Asma Kherbash, 9781733885409, 254pp.
Publication Date: September 30, 2019
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Locked in his dark cell, Greg lay awake in bed, fidgeting with the small cassette recorder, pressing the rewind and stop buttons to listen to the heavy click and spring-loaded clank that initiated and punctuated the faint whirring mechanics. He knew well enough no one was going to come looking for him--not while he was in between jobs, living in a four-door pickup truck, and had traveled to an undisclosed location without telling anyone.
What brought him here were rumors of an abandoned building there that was said to be part of a black site--rumors that were circulated amongst truckers and drifters: some exaggerated the sinister aspect of the place, detailing with morbid relish the methods of enhanced interrogation that were being developed or deployed there, while others assumed the contrarian position and downplayed the horrors, if not downright dismissed the whole story as hyperbole.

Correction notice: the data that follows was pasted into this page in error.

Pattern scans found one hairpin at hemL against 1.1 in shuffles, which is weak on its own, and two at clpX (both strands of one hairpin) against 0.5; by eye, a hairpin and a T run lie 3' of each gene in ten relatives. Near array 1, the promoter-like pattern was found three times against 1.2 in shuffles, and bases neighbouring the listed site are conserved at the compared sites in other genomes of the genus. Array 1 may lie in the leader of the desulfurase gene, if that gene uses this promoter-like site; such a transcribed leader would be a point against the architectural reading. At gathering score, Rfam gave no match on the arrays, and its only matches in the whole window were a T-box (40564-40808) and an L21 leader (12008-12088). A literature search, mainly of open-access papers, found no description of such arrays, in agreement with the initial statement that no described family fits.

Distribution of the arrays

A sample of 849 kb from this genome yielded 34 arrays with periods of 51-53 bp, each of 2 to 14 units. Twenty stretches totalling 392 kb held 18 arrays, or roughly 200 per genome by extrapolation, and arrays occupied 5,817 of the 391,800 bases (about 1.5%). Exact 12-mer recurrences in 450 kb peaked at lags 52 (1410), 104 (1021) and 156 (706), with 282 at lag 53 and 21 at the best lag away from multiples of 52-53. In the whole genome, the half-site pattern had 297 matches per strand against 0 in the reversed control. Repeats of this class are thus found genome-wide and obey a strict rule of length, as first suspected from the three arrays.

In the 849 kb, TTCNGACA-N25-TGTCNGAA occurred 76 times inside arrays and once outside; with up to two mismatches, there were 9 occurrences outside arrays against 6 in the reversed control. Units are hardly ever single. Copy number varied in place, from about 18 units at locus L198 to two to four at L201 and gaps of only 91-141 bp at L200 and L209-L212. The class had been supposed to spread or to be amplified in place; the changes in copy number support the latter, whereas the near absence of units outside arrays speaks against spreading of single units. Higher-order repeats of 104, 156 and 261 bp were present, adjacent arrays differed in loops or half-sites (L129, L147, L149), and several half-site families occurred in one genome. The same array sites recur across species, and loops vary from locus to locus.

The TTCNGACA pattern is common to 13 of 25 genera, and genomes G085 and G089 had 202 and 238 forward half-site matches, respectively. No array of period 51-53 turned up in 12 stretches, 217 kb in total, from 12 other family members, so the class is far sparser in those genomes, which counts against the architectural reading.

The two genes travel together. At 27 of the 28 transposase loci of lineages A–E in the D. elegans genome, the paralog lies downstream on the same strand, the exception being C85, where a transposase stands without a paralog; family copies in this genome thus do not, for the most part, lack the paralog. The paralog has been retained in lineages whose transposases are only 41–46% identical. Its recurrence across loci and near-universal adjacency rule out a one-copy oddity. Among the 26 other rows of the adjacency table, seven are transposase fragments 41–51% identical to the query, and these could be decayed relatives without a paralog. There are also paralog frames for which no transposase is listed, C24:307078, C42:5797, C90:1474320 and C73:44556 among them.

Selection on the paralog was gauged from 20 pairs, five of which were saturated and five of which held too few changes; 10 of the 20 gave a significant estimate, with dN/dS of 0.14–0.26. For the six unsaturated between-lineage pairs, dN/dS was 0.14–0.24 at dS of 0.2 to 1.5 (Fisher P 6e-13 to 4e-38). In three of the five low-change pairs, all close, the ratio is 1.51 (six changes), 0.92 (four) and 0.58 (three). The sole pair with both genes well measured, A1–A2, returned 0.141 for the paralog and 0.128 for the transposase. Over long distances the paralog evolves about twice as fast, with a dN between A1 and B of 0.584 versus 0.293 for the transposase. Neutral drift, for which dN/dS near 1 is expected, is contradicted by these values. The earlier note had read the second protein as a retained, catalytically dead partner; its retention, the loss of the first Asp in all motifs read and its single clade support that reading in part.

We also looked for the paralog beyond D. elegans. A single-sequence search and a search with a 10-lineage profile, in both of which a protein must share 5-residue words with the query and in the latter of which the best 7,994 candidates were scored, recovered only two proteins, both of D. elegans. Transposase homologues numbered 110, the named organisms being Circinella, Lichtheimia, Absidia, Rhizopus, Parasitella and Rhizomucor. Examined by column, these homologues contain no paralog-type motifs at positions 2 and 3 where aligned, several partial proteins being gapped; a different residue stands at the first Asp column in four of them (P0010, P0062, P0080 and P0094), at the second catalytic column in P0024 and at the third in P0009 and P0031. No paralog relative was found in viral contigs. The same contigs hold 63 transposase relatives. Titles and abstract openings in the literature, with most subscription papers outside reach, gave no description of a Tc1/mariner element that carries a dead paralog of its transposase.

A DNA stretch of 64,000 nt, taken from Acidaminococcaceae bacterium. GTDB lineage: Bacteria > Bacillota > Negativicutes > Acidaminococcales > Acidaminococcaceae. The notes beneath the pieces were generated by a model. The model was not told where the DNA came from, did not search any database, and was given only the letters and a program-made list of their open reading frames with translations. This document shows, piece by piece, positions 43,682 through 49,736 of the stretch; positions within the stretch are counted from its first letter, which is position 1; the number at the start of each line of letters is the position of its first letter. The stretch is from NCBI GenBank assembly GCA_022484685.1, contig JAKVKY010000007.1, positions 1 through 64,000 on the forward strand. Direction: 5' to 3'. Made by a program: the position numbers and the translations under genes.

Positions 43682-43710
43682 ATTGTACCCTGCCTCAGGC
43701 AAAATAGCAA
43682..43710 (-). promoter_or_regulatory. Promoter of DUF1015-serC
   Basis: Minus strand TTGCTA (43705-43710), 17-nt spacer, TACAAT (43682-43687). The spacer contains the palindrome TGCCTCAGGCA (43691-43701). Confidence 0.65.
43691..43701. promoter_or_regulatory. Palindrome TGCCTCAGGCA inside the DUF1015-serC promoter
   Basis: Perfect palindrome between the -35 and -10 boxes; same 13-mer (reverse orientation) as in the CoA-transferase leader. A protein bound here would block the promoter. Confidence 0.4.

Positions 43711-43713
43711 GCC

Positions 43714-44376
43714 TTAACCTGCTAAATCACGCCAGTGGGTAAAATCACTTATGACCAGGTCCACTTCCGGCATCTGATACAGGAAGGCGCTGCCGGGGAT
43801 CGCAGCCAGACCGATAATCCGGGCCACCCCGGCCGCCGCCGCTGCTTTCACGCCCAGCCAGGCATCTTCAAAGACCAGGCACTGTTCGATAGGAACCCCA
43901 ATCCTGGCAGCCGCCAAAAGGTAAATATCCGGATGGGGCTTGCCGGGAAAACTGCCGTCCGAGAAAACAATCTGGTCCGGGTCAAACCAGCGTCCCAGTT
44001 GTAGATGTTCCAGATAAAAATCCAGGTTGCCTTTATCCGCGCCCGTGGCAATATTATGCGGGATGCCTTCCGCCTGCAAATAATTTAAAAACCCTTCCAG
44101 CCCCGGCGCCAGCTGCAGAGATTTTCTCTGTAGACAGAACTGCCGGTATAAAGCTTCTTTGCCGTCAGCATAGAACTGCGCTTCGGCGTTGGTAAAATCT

Questionable as the lead was, the story seemed too good for an amateur journalist like Greg to pass up. All the same, he did not expect there would be some truth to those rumors, that the building is not quite derelict as he had imagined. And that, thanks to a case of mistaken identity, he was now incarcerated there as an inmate.
Greg stopped the rewinding mechanism when he detected rustling and soft thumps coming through the ceiling vent--or thought he did, since the quirky nature of unidentified noise is that it usually ceases whenever one stops to listen. Like a living body, no running building is without its small, unaccountable bumps and muffled clanks; yet even if they're mostly benign noise, at night, they're magnified by the ever-present hush, and their unfamiliarity never fails to inflame the imagination of the sleepless newcomer.
LESATH is a psychological thriller that pays tribute to classic gothic fiction.
Praise For Lesath…
“Every page will leave you questioning what is true and what shapes reality, what hides in the dark and what hides in our own inner depths.” — J. Aislynn d'Merricksson, San Francisco Book Review